Strawberry Days (Wiktor Ericsson, 2016) Sweden

Viewed by Alicia Mae Huhn at The Santa Barbara International Film Festival 2017.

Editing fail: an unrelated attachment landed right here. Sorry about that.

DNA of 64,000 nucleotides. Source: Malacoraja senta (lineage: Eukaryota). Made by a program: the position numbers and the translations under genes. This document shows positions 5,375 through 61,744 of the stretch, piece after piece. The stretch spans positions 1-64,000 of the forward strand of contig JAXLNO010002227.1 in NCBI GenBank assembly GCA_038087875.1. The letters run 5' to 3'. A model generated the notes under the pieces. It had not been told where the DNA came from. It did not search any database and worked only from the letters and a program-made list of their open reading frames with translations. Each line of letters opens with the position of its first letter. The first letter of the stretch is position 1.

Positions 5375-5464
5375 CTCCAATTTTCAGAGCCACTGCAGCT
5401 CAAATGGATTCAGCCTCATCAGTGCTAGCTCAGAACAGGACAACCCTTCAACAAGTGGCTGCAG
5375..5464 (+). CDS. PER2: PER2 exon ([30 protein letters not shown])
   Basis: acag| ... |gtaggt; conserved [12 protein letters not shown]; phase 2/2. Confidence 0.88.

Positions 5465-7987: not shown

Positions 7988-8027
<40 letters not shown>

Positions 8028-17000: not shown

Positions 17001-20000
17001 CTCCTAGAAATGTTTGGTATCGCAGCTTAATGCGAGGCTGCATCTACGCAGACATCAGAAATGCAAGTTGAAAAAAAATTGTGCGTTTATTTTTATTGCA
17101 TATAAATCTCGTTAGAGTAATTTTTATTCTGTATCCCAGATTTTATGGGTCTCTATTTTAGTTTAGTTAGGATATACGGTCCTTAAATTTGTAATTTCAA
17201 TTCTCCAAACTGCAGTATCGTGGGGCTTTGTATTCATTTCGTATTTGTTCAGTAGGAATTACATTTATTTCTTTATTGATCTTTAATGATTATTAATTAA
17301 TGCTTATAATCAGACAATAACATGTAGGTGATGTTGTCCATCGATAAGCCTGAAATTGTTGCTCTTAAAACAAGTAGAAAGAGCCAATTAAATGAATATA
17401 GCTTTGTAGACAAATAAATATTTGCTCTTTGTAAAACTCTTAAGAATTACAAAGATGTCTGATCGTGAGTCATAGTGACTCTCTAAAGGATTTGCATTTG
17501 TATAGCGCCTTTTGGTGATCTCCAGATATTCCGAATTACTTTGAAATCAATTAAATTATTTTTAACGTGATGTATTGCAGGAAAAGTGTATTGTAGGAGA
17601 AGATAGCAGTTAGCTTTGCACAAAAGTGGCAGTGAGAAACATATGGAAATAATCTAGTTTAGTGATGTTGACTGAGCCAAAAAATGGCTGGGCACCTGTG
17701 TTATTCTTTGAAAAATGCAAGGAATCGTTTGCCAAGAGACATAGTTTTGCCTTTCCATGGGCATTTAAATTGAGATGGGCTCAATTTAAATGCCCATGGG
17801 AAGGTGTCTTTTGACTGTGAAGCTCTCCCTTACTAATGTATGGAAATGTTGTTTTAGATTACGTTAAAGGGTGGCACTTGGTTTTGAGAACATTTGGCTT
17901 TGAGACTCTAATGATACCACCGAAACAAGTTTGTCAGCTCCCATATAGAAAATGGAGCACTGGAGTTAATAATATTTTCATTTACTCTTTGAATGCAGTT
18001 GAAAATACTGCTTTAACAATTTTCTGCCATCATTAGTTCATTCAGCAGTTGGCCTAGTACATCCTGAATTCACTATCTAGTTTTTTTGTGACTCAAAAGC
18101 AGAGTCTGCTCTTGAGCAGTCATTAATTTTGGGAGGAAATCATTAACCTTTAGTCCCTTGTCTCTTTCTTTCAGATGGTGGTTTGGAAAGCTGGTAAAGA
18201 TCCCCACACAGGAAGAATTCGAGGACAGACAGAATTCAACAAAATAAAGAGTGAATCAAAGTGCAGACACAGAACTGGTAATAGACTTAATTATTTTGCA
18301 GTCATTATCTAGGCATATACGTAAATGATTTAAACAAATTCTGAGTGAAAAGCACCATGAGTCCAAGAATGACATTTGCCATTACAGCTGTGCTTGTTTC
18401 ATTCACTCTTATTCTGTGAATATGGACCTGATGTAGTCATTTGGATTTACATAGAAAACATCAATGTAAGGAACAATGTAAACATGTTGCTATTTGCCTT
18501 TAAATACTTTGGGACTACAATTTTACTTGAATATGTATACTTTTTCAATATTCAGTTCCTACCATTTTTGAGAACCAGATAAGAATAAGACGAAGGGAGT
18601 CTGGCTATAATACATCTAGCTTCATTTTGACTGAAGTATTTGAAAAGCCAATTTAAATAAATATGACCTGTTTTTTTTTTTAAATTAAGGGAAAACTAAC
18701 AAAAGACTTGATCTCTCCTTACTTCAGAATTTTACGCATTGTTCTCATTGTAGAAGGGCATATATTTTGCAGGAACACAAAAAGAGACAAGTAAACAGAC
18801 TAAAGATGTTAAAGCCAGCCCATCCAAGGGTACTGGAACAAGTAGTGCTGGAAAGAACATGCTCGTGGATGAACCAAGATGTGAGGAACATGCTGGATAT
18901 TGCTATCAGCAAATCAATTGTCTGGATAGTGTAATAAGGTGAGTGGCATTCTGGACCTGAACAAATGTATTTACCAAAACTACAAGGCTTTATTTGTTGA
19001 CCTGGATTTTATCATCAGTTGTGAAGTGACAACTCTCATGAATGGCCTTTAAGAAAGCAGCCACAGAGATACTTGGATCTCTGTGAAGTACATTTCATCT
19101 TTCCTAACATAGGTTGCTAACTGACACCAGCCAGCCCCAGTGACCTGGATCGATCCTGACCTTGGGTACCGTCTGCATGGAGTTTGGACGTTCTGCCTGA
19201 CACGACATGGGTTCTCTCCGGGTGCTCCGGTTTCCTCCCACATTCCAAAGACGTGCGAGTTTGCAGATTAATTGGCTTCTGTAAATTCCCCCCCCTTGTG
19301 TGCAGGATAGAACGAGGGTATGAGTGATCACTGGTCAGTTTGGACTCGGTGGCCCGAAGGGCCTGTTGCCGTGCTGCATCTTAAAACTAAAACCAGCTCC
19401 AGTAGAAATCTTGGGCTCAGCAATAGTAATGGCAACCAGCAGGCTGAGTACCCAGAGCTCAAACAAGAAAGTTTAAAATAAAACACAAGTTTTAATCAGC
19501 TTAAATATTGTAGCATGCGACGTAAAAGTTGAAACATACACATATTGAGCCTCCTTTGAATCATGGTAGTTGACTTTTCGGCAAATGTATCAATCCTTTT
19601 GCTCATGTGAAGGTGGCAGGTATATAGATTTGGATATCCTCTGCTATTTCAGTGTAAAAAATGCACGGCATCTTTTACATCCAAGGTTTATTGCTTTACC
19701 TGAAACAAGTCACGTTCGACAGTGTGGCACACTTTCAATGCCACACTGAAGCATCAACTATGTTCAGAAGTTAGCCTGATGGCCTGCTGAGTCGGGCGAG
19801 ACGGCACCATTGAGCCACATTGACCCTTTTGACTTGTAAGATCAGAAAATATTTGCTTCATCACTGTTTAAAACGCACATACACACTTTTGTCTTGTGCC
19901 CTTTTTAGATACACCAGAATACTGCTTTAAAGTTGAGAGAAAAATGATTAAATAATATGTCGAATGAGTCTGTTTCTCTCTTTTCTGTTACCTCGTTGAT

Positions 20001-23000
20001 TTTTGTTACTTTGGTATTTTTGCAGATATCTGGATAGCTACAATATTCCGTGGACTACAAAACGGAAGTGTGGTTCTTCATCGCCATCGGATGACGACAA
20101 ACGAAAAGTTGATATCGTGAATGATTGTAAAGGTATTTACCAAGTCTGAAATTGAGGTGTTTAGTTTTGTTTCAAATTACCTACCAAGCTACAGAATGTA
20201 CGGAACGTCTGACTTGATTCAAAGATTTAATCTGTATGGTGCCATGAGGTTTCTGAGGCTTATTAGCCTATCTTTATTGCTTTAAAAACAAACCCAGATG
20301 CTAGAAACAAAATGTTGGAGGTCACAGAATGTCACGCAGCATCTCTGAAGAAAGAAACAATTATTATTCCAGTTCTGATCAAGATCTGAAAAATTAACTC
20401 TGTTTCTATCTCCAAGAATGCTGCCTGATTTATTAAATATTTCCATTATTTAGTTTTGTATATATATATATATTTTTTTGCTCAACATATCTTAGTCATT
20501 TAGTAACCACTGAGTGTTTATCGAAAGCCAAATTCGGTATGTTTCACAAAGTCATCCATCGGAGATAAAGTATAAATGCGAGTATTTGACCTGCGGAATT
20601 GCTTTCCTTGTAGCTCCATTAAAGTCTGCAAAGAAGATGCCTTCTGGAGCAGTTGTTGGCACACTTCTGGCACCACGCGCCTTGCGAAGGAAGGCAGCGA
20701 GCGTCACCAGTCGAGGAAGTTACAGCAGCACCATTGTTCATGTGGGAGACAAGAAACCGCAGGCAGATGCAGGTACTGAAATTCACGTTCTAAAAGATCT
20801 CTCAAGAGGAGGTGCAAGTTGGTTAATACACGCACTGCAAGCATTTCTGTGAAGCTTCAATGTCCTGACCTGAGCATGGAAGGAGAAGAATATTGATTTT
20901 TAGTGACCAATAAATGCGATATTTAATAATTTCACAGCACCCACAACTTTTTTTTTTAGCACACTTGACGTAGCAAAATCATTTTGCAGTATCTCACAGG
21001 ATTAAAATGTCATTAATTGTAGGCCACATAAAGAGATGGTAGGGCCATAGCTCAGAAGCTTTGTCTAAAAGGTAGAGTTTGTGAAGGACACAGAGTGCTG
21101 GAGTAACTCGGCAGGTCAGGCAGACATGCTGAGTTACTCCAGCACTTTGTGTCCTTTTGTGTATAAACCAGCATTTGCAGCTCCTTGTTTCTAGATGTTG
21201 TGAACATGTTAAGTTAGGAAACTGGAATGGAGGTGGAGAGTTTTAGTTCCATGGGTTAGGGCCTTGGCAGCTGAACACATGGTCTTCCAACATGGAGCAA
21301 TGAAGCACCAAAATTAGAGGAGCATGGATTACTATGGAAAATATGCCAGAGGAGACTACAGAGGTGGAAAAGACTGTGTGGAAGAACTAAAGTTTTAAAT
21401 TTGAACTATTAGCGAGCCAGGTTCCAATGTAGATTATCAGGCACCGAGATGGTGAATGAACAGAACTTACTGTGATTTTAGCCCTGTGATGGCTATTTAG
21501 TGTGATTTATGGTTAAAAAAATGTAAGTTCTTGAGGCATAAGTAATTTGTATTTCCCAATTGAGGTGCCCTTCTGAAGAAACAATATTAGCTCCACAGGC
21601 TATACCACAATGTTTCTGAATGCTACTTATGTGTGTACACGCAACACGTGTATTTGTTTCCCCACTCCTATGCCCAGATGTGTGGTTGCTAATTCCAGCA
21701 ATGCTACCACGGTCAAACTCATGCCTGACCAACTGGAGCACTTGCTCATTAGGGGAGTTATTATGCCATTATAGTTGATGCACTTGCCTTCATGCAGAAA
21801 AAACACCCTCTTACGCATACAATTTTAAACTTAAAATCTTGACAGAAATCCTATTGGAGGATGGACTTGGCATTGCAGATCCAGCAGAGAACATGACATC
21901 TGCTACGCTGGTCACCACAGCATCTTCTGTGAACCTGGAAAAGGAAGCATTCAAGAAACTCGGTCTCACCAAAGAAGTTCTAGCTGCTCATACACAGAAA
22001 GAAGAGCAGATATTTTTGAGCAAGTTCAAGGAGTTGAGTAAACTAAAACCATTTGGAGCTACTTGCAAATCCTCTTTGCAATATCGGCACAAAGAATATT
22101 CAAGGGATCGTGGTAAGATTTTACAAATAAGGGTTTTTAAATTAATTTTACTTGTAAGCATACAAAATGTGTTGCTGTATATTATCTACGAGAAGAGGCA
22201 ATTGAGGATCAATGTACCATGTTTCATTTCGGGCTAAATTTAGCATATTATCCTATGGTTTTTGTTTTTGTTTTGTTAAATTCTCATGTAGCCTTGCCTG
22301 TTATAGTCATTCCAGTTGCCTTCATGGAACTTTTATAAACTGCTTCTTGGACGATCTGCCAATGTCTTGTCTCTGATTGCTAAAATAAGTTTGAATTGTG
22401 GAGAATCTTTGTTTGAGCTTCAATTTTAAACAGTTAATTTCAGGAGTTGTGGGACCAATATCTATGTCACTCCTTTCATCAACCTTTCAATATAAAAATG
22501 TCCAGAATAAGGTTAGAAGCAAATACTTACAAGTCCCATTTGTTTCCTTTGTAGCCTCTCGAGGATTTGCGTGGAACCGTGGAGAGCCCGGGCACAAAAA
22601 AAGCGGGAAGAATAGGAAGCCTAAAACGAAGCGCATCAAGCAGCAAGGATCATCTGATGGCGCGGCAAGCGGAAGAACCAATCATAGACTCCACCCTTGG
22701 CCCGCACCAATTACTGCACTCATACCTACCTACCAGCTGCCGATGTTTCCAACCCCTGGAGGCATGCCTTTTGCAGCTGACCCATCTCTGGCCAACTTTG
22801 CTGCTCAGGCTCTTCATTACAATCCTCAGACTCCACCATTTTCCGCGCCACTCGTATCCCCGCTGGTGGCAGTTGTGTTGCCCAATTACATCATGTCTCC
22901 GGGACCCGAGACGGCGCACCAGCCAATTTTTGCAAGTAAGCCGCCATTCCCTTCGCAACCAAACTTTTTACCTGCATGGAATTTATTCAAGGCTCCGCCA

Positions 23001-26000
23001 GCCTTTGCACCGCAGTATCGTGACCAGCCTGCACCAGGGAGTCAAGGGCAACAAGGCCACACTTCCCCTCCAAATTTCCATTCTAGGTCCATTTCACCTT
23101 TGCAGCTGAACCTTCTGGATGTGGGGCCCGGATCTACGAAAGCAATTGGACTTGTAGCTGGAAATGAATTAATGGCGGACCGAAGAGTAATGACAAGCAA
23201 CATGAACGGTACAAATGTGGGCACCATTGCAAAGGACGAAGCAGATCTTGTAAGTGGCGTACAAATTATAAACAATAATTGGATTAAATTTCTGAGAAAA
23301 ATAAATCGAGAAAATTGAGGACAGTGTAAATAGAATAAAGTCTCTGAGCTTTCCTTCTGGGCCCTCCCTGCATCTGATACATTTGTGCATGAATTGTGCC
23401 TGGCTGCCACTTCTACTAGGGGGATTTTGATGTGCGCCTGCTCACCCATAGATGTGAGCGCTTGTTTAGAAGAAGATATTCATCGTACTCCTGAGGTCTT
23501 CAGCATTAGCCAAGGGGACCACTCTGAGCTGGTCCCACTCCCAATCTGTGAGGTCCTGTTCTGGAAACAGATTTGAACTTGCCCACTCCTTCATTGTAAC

Strawberry Days, a.k.a. Jordgubbslandet, is a coming of age love story highlighting the struggle of racism and classism in a blond hair blue eyed version of the story uncommonly told.  Set in Sweden, the story line tenderly reveals the harsh experience of a Polish family arriving in Sweden to work as indentured migrant farm workers.  Wojtek, the migrant son is a strapping young man who finds himself in an unsettling new environment on the farm. The life of Anneli, the farm owners daughter, is set in contrast as very routine, prescribed, restrictive, even boring for her. Close up views of the details of the rough daily migrant worker life are portrayed in the conversations of the mother with her mother, Wojtek’s grandmother.  She is dissapointed in the man she married for allowing them to live this way. The mother is torn by her love and loyalty to her family and a better life for herself and her son which she could go to if she would leave her husband there.  Her mother beckons her on the phone to come home to another life. A life her husband cannot provide.  She hangs up and goes back to work with her family.  The film adequately portrays the dismal experience of working like slaves in the farm industry of Sweden. Shots of the mothers hands are cracked and stained red. One day the mother faints in the fields and the boss’s do nothing. The workers are outraged, then finally she comes to, leaving the owners off the hook. However, the tension builds as they are all treated as criminals not to be trusted, especially the men.  The irony of the setting is that the Swedish family who owns the farm live a humble farm life.  Their position as owners, and Swedish, is a place of respect in society but not an opulent existence by any stretch.  The two mothers parallel each other in their concern and dedication to their families.  Annelie’s mother is a very typical, devoted to working hard in daily housekeeping and running of the farm. Her loving ways and concern for her daughter are demonstrated in her softness of toward social conventions which is in contrast to the father farm owner who is protective, yet judgmental and insists on class separation from the workers. You can see the understanding look on Annelie’s mothers face when she realizes her daughter is attracted to Wojtek.  The film definitely shows the women as the strength in the film and in both of their respective families. I agree with this portrayal of women. As women we often are the one who takes a stand and are willing to take the risk to defend others when it would otherwise be unpopular.  The struggle of racism and classism are depicted in an enlightening way. The bitterness of the division of race and class is contrasted by the “sweetness” of the story of a forbidden romance.  The picking of strawberries perfectly illustrates the cruelty of racism and classism with heat exhausted aching backs and stinging cracking hands red stained from strawberries but looks a little like blood.  Also, the sweet taste of the strawberries represent the sweetness and innocence of the young couples love and ultimately love for humanity.  I am willing to take a stand for Strawberry Days.  I appreciate the varied picture of racism among white people to highlight that people can be cruel by separation based on any number of reasons.  Also, looking at how ‘Nations’ or ‘Countries’ have “succeeded” on the failure of others and the need for brave people to stand up, have a voice and actually change the way as humans we treat one another.






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